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HS2 land acquisition costs could spiral five times higher than projected

The cost of acquiring land and property for Phase 1 of HS2 could be almost five times the original estimation.

Forecasts based on freedom of information requests from an anti-HS2 campaign group have revealed that the total land costs could now be around £5bn, and has already now far exceeded the original estimate from HS2 of £1.1bn.

The figures from Bramley Action Group also show that of the over 1,500 necessary payments for land and property, only 47% have been made so far, with around £3bn still needing to be paid out for the project’s acquisitions.

Michael Byng, an infrastructure consultant who worked on the costing method used by Network Rail, told LBC that HS2 only budgeted around £2.2bn for this cost, which will see the biggest land and property acquisition programme since World War II.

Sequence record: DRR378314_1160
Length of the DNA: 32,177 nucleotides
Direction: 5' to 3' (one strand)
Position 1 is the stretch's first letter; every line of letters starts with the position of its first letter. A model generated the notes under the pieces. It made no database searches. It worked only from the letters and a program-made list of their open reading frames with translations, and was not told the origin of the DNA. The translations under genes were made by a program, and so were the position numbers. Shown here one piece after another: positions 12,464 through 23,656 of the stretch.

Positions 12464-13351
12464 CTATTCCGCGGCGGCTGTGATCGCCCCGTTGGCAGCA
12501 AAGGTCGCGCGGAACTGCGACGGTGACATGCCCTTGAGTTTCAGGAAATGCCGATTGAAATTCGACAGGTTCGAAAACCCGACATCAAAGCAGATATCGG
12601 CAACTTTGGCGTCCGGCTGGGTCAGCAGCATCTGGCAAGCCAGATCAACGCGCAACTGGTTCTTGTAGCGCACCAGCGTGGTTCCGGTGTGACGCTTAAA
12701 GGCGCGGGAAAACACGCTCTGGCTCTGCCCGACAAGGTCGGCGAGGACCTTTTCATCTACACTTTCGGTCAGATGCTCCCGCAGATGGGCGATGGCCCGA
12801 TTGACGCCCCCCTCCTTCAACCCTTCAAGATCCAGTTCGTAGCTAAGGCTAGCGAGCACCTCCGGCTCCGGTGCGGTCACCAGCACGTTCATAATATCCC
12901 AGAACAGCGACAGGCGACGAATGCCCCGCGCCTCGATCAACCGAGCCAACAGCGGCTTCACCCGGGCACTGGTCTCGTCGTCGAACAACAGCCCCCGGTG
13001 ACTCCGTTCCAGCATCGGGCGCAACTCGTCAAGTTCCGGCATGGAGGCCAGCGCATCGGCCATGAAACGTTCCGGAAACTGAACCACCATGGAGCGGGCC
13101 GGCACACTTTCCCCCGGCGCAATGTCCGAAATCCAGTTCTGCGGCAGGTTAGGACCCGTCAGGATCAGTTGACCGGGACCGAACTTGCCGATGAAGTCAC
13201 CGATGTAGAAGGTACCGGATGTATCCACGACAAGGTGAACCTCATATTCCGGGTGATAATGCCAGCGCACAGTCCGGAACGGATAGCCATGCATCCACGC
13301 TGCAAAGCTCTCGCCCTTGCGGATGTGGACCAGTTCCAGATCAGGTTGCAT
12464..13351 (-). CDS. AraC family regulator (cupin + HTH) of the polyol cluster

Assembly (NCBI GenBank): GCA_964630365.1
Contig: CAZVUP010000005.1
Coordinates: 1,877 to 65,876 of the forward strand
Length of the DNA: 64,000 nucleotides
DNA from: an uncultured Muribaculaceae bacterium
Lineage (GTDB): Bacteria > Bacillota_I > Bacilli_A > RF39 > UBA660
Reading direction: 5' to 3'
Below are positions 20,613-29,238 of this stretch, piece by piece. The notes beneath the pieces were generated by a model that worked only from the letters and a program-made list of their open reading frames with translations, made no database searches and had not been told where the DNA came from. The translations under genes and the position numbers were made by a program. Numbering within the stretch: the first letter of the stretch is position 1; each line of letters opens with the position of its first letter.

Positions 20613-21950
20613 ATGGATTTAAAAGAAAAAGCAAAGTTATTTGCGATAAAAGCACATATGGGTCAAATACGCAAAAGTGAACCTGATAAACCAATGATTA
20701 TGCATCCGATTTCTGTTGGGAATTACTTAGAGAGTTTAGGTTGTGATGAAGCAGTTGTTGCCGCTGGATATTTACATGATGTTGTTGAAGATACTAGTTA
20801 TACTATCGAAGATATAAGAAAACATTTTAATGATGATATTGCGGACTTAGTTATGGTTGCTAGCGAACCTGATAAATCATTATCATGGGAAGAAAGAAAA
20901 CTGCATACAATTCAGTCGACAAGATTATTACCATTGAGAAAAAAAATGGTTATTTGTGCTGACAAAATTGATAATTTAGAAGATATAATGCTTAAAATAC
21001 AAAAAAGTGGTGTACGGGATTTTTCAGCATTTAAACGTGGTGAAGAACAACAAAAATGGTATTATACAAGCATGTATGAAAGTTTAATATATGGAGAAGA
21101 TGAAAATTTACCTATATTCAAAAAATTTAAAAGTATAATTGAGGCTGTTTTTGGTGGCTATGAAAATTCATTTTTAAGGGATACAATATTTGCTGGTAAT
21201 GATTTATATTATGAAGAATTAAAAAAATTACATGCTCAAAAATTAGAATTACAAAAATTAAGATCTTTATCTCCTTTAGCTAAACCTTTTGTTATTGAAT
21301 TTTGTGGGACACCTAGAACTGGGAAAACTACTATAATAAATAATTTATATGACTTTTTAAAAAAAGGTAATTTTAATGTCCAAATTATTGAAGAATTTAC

Asked if he believed HS2 could be delivered within its budget, he said: “On either the property budget or the total budget of £27.18bn, it's extremely unlikely. It never was likely to come into that budget, simply through the plans that HS2 posted on the DfT website.

“The disparity between the likely costs, which I believe is just under £56bn for Phase One alone and the government's funding envelope of £27.18bn, is far too great.”

In December, a whistleblowing former HS2 executive told BBC Panorama that the original estimate for land costs was “enormously wrong” and now risks breaking £5bn.

Doug Thornton said that MPs were misled by HS2 over the cost of land acquisition when they voted to approve the flagship project, adding he had “never seen anything like it.”

The NAO also criticised HS2’s acquisition of land back in September, highlighting soaring costs and slow payments with only half of advance payments to claimants being completed in the required three-month period.

HS2 said the cost of land acquisition reflects the changes to scope, land value, and parliamentary amendments, and insisted it was confident the project would be delivered within budget.

Just yesterday, HS2 revealed the winners of contracts to construct the London Euston and super-hub Old Oak Common stations, as well as designs for the interchange.

Image credit - Robert Wright


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